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Cell Phone Ban At San Mateo High School Receiving Positive Feedback

SAN MATEO (KPIX 5) -- The assistant principal of San Mateo High School said Monday that students are still getting used to the no cell phone policy implemented in the beginning of the school year, but they've received positive feedback from teachers so far.

"For the most part, teachers are loving it, they feel like they got their classrooms back from all these distractions," Adam Gelb said.

Students must put their cell phones in a sealed pouch at the beginning of the school day, which is then unsealed by the same device during the last bell.

When the policy was piloted last year at the school, it was met with some push back from parents who had concerns, including how they would get a hold of their child during an emergency.

Gelb said he understands the concern and made sure that every classroom and office had the magnetic device just in case of an emergency situation. He also added that the school is able to quickly send mass messages to parents in different languages.

But with the policy now in effect for several weeks, it's all about refining it.

RELATEDLocked Pouches Keep Cellphones Out Of Students' Hands At San Mateo High School

Gelb said each pouch is assigned a number to a student in order to hold them accountable for lost or broken pouches. For those with medical issues, they're given a yellow card they can display on their desks that allows them to use their cell phones without repercussions.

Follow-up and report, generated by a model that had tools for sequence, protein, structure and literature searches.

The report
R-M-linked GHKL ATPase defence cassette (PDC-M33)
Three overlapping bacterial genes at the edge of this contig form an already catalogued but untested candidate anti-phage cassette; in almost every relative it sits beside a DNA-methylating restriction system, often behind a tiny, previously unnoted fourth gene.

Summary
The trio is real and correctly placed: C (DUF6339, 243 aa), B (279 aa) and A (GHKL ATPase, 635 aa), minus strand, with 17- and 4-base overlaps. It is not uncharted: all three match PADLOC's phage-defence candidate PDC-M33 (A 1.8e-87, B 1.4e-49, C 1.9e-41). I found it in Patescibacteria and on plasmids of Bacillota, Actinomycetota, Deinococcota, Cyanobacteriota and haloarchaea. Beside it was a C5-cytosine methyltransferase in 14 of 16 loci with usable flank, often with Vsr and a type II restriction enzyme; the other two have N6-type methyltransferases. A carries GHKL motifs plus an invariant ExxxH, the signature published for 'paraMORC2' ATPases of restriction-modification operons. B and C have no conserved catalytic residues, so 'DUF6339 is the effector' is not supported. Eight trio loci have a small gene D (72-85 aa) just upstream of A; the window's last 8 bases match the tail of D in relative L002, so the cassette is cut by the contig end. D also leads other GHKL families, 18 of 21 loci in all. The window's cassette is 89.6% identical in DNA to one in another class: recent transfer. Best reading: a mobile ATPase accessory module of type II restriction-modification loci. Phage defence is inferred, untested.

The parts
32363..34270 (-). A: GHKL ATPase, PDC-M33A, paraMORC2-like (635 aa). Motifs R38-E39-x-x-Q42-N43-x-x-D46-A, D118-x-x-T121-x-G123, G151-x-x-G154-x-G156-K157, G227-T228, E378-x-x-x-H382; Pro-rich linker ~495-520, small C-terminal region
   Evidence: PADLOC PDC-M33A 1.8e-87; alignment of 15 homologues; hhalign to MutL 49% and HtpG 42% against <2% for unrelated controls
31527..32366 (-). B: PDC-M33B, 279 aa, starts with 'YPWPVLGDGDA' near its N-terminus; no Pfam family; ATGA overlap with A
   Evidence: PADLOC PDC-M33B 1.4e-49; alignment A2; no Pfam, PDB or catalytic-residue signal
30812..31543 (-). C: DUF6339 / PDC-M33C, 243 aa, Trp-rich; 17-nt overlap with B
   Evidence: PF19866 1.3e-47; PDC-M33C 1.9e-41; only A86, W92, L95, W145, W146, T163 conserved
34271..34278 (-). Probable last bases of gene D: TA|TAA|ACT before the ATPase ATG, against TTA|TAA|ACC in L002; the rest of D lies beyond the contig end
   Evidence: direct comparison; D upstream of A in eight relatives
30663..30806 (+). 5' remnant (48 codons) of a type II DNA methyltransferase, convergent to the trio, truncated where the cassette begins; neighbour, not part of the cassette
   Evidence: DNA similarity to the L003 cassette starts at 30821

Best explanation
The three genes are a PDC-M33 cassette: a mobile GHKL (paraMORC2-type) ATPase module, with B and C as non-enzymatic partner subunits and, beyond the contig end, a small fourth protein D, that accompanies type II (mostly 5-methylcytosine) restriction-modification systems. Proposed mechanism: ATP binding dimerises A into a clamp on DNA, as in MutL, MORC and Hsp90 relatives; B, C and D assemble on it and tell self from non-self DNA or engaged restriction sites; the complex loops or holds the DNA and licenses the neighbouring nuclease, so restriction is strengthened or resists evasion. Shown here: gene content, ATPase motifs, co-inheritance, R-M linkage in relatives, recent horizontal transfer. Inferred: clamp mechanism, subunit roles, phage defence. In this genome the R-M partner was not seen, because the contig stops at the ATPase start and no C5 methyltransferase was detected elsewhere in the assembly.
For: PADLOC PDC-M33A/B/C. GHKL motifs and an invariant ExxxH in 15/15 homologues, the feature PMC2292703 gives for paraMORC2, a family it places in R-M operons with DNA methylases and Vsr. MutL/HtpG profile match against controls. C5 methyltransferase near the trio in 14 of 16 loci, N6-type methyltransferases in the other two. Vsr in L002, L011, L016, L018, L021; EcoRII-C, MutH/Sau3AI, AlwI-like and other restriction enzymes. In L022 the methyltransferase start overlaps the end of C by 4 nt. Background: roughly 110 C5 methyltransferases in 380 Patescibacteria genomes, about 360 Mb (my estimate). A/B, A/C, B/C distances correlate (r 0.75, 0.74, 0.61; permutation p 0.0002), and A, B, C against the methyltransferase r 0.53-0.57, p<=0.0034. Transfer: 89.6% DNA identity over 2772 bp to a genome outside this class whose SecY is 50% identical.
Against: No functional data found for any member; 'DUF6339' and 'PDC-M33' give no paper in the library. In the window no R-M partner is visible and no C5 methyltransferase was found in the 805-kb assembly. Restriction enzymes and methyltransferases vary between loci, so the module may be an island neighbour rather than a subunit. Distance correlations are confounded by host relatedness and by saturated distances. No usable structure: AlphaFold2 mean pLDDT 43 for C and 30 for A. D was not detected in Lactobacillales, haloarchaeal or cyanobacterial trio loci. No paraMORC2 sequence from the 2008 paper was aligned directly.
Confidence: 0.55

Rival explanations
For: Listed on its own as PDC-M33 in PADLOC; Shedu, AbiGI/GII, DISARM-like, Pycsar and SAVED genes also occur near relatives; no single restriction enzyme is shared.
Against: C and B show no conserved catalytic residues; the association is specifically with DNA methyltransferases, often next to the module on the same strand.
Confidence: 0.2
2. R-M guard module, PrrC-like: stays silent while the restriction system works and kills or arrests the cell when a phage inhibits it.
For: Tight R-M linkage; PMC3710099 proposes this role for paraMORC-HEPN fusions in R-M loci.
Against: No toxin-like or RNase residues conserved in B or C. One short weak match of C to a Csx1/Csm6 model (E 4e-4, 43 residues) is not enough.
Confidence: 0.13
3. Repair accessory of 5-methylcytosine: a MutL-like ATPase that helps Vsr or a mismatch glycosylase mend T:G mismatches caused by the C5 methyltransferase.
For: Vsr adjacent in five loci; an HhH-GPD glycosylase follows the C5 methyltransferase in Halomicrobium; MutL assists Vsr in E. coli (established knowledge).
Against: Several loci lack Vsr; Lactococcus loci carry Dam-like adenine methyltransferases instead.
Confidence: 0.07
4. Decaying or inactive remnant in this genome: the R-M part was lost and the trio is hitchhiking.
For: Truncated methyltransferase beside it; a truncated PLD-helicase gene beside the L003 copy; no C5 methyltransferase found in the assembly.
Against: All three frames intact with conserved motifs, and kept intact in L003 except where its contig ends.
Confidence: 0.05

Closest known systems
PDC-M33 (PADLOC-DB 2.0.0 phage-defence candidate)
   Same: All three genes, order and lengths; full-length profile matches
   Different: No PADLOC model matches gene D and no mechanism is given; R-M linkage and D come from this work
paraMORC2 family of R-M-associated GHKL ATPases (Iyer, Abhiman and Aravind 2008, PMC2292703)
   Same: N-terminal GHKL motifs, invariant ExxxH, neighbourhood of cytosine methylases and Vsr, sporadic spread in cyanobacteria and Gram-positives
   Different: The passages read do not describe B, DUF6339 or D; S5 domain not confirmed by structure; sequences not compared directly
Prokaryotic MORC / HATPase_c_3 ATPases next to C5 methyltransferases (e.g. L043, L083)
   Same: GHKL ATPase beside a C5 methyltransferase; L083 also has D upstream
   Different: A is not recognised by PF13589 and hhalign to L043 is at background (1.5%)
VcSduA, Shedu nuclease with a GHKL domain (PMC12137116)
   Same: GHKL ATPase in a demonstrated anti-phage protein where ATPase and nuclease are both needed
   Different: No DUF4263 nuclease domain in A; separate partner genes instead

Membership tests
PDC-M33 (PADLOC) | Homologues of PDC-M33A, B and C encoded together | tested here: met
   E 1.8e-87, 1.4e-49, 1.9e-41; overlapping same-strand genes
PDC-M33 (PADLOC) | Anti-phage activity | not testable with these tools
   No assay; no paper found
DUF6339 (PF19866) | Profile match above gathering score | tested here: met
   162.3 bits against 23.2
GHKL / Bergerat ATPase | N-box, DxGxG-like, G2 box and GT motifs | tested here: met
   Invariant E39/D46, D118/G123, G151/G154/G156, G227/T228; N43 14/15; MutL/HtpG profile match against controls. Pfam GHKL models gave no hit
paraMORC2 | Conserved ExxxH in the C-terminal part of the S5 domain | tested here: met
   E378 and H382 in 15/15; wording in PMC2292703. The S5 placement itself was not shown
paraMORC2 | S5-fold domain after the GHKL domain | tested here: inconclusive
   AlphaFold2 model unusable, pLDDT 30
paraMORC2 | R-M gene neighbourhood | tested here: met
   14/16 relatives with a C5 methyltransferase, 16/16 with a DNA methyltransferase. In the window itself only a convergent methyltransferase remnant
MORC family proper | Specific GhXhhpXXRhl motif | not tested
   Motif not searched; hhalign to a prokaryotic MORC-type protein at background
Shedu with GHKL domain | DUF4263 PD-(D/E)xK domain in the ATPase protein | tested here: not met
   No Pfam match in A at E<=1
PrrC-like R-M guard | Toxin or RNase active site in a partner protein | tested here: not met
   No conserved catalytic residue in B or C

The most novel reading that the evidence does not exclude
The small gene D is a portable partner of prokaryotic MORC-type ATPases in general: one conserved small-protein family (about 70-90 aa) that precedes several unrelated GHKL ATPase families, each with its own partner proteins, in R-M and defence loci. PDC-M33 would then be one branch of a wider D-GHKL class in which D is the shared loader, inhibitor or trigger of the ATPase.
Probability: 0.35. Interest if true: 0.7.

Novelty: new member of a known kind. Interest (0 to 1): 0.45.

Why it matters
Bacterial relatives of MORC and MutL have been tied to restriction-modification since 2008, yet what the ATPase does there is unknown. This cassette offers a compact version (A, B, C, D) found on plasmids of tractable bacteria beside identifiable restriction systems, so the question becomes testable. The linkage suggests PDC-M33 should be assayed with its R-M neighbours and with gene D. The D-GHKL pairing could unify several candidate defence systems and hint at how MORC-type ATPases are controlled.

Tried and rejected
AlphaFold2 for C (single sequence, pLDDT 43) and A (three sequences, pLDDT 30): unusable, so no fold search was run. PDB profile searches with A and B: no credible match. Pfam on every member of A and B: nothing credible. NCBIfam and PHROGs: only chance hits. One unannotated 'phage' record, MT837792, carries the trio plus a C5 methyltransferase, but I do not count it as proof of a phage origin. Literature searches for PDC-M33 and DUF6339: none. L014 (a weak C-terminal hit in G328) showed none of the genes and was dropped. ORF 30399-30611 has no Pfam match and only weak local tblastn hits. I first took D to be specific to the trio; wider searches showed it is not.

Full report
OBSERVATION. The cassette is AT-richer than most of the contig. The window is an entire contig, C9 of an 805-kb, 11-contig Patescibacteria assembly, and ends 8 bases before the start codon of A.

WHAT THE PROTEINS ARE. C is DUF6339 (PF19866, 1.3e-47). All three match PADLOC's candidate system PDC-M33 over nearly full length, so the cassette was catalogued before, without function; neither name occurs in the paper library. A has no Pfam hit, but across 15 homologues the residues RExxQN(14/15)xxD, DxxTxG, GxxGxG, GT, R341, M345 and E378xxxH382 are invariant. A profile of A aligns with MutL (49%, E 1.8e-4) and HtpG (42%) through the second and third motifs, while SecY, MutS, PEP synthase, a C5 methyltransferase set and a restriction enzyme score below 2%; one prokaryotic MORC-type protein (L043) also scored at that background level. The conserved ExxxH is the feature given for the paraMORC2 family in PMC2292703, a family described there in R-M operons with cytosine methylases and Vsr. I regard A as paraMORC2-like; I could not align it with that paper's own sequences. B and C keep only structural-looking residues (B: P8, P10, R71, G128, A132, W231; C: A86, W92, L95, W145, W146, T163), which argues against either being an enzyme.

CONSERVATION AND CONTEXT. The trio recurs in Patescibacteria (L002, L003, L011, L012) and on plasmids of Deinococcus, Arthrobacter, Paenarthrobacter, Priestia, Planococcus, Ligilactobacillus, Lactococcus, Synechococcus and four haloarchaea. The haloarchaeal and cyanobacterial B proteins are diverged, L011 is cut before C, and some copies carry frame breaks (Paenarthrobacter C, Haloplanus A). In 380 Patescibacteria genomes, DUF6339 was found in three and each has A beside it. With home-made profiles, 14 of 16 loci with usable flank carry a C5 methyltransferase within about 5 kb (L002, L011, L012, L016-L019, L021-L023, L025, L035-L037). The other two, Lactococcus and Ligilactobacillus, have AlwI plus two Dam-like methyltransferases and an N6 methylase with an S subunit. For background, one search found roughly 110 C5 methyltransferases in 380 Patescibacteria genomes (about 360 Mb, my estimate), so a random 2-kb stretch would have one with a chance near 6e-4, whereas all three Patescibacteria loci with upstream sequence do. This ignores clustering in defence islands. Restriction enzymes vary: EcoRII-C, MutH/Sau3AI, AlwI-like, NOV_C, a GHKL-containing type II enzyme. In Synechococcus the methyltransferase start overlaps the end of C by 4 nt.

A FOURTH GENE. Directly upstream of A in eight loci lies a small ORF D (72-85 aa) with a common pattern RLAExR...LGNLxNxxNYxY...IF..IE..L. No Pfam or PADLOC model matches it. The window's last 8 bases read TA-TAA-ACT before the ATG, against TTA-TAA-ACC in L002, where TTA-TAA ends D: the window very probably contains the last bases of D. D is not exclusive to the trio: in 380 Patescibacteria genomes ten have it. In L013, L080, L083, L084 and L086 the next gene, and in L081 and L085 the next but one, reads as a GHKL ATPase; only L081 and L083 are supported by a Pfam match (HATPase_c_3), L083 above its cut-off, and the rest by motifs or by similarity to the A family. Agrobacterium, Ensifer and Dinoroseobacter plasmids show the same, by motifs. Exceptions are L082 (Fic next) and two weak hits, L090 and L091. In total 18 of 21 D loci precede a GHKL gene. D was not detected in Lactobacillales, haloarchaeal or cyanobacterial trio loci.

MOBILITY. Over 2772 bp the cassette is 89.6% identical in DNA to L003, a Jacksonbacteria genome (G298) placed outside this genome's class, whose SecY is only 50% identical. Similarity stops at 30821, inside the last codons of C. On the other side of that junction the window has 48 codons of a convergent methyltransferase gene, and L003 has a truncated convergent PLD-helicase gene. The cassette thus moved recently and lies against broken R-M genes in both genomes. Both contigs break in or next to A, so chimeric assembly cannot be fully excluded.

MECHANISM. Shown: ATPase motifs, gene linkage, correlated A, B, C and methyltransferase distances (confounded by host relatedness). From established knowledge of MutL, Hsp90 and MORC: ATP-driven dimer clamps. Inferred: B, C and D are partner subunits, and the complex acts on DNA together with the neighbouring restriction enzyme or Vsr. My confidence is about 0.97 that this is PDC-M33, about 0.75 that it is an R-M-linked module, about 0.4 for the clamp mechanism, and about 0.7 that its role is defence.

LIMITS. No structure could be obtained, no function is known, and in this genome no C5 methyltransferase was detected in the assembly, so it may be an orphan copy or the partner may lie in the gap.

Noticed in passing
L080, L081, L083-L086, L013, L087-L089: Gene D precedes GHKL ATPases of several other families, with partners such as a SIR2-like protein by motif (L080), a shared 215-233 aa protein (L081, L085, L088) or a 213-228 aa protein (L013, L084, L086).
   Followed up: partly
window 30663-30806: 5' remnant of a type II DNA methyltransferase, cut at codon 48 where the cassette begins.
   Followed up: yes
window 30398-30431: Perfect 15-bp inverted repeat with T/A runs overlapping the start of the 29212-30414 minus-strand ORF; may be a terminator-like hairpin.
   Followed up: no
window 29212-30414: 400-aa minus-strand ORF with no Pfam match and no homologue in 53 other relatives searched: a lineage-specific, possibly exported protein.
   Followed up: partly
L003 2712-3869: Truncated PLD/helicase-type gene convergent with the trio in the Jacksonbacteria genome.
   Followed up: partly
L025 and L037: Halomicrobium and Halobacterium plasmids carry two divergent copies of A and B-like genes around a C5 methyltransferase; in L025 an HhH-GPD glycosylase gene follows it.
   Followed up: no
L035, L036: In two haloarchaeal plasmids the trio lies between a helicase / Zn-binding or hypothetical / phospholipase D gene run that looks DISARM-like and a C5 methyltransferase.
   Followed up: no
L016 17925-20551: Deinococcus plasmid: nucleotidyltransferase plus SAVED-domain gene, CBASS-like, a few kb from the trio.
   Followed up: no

San Mateo High Magnetic Cell Phone Pouch
A student's cell phone rests on the magnetic pouch (CBS)

But there are students without cell phones at all--Gelb said there are more than 50 who report not owning one. Their parents must sign a form confirming their child doesn't own a phone.

Gelb said there are also students who have already tried to get around the policy.

"Today I took a phone from a student who had a fake phone in there," said Gelb.

Dean Qaddaura, a parent of a San Mateo High student, said he's even heard about students trying to find ways to unlock the pouch.

"They're still trying, they're exploring what can they do," Qaddaura said. "I think it's normal for kids, teenagers to do that."

But for the most part, the policy seems to be getting a warm reception and no one seems to be hanging up their hats just yet.

"You get a better teaching environment, but sometimes I want to search something up quickly on my phone and I can't," said Miguel Tejada, who is a freshman at SMHS.

"It is bringing it back to the old school," said Gelb. "My own mom used to drop things off in the office when I forgot my lunch, and I think we need to revert back to that."

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